JEFFERSON CITY, Mo. – The momentum of support behind the “Right to Farm” amendment has continued to grow since its passage at the end of session last year.
Before Memorial Day, Gov. Nixon announced that the amendment would appear on the primary ballot, surprising some due to the historically low turnouts of primaries in off-year elections being combined with the popularity of the issue.
A variety of groups have come forward in support of the amendment, ranging from the Missouri Farm Bureau and Missouri Farmers Care to Grow Missouri to Protect the Harvest and the Missouri Republican Party.
“The proposed constitutional amendment will protect the rights of farmers, giving them the confidence to continue their safe, legal practices on their farms, while saving Missouri jobs, and preserving consumer choice,” Protect the Harvest said in a statement.
In March, the Missouri Liberty Project released a poll showing almost 70% of Missourians in support of the amendment.
Rep. Casey Guernsey, R-Bethany, is the chairman of the Agribusiness Committee and has championed many agriculture legislations during his terms in the House. Guernsey supports the amendment.
“I was very pleased with it coming in in August. I haven’t heard much from anyone who is really disappointed by that,” Guernsey said. “The main thing is that all the agriculture groups have to work very closely together and really try to put a unified message forward that this is very much about the largest industry in our state and over the course of the last few years has literally paid the bills with tax revenue for the state.”
Grow Missouri previously told The Missouri Times of their intention to work on the Right to Farm issue.
“This measure was put on the ballot by the legislature, so obviously it has broad support among our legislative representatives and that usually has a big effect on impacting the likelihood of it passing,” Aaron Willard, executive director for Grow Missouri, said.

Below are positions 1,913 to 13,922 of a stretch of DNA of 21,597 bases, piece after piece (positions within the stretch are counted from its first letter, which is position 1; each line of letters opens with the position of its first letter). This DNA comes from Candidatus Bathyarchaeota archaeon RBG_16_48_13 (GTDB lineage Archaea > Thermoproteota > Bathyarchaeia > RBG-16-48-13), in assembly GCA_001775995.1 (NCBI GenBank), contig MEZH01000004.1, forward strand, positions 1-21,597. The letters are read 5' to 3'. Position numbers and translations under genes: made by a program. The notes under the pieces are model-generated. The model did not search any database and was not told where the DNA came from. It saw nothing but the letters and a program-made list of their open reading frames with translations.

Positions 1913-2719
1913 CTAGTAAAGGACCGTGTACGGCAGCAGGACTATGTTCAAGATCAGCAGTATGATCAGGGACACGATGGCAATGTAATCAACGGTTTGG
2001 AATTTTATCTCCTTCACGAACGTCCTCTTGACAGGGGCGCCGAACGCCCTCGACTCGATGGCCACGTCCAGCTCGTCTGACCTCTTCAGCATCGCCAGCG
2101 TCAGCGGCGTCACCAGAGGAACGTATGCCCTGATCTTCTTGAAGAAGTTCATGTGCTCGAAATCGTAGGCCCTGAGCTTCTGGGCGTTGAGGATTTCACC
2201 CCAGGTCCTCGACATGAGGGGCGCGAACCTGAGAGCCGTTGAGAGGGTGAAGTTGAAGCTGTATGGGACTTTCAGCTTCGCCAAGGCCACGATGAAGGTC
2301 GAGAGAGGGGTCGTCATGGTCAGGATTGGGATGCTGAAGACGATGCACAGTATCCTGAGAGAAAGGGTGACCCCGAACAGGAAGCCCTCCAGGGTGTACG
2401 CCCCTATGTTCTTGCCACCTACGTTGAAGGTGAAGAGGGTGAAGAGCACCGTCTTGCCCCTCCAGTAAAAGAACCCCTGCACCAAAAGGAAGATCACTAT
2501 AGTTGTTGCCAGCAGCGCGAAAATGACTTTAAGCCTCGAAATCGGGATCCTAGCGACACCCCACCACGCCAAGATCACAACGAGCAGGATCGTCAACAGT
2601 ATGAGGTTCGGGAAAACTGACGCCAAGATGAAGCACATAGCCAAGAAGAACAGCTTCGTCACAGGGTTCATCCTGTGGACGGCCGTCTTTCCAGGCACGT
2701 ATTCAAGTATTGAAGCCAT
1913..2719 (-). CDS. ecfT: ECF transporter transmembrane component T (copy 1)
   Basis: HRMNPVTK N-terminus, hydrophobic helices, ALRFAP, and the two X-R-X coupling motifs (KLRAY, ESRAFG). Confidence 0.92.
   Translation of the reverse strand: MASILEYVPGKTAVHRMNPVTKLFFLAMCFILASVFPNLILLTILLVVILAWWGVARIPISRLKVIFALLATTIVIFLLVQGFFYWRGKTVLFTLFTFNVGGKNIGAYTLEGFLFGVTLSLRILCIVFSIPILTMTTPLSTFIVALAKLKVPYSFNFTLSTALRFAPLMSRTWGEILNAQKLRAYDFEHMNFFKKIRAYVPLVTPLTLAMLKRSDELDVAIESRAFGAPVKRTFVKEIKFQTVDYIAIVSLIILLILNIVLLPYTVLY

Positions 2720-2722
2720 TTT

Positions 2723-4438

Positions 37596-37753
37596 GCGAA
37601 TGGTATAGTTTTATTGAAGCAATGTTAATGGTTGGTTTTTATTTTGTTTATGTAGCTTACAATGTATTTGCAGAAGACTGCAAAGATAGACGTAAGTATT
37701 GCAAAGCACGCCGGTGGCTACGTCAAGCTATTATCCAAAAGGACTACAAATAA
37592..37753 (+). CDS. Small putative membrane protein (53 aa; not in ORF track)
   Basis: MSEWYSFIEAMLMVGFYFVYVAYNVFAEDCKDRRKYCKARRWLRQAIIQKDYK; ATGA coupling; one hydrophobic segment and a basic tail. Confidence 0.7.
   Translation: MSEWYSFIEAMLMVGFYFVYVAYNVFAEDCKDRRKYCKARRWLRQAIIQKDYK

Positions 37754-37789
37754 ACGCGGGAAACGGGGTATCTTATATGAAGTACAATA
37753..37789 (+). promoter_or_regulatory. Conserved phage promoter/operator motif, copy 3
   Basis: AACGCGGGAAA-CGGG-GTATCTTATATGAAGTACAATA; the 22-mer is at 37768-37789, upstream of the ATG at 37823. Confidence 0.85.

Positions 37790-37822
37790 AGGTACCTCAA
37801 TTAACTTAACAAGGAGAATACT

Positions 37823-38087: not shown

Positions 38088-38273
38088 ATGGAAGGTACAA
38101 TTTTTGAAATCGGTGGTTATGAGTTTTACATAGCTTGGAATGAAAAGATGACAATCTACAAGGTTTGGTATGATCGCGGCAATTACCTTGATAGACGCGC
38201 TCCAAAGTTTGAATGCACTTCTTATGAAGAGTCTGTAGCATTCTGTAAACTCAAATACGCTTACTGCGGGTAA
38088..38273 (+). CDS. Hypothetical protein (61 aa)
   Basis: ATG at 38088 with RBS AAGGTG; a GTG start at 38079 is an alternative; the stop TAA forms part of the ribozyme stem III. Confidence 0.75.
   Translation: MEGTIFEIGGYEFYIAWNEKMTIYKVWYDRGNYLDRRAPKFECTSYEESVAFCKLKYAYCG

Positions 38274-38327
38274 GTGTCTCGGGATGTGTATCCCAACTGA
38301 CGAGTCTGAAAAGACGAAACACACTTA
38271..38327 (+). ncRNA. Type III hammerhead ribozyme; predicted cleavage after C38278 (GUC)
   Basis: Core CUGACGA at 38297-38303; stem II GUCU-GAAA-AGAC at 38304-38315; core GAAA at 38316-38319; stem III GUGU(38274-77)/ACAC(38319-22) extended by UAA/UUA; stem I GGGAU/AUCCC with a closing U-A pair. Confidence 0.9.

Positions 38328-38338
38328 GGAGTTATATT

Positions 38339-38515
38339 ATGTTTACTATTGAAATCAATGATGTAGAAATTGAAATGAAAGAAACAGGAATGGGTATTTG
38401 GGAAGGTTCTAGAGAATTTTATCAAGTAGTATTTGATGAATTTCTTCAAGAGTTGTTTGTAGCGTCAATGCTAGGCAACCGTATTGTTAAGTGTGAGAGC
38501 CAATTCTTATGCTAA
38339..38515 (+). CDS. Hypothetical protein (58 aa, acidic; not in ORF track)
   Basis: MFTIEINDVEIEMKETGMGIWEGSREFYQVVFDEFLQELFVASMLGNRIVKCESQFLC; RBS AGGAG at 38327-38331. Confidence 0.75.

Missouri Farm Bureau’s campaign started long before the governor’s office announced which date the measure would be on the ballot, even creating push pieces telling supporters to vote on November 4.
“The Right to Farm amendment, if passed, will make farming and ranching a right in Missouri, similar in scope and protection to the speech, religion and gun rights already in Missouri’s Constitution,” attorney Brent Haden said in the MFB piece which went on to plea the direness of voting in the election and encourage donations to the Farm Bureau.
MFB’s political action committee, FARM-PAC, touts a 90% success rate with endorsements on their PAC website.
“It’s been great for agriculture groups to come together and demonstrate that we can work together to achieve the goal of defeating these organizations,” Guernsey said. “I think we’re stronger now than we’ve ever been. I’m optimistic that our message will fall on receptive ears. Most Missourians are only a few generations from the farm.”
Livestock and related products account for over half of Missouri’s agricultural economy. Missouri is currently 9th in the country for beef cattle, 7th for hogs, and 3rd for turkey. Guernsey shared that Missouri is now the 2nd in the country for calves. There are more cattle living in Missouri than the human population of St. Louis and Kansas City combined.
Outside of livestock, Missouri is 7th in the nation for soybeans.
On necessity, supporters point to the need for the amendment in response to outside groups wanting to influence agriculture.
“We’ve seen very directly in the past few years how these activists groups with more money than they know what to do with targeted Missouri specifically,” Guernsey said. “They’re not going to stop. They’re not going to go away. By putting this in the constitution, we in agriculture believe that we will have an added protection that exists.
“There are some very specific successful campaigns by these groups that impacted animal agriculture and it is the reason why farmers are leaving those states in droves,” Guernsey continued. “They want to achieve a goal that is completely unrealistic and I believe that they know that. They want to put large sectors of agriculture out of business entirely. In terms of a rural district like mine, you’re talking thousands of jobs. They’re not grounded in any form of reality.”
MFB also pointed to “outside groups” as being influential in increased regulations for agriculture across the country.
“[The amendment] is a very necessary thing when combating these groups,” Guernsey said. “We require every tool that we can possibly have a resource to fight activist groups in the future when they regroup and target Missouri again.”
Willard relayed that not only does the amendment protect agriculture, but also industries reliant on it, such as research and manufacturing.
“I think that ultimately that we are going to win this one,” Guernsey said.
Rachael Herndon is the editor at The Missouri Times, and also produces This Week in Missouri Politics, publishes Missouri Times Magazine, and co-hosts the #moleg podcast. She joined the Missouri Times in 2014, returning to political reporting after working as a campaign and legislative staffer.
Rachael studied at the University of Missouri – Columbia. She lives in Jefferson City with her husband, Brandon, and their two children.
To contact Rachael, email email@example.com, or via Twitter @TheRachDunn.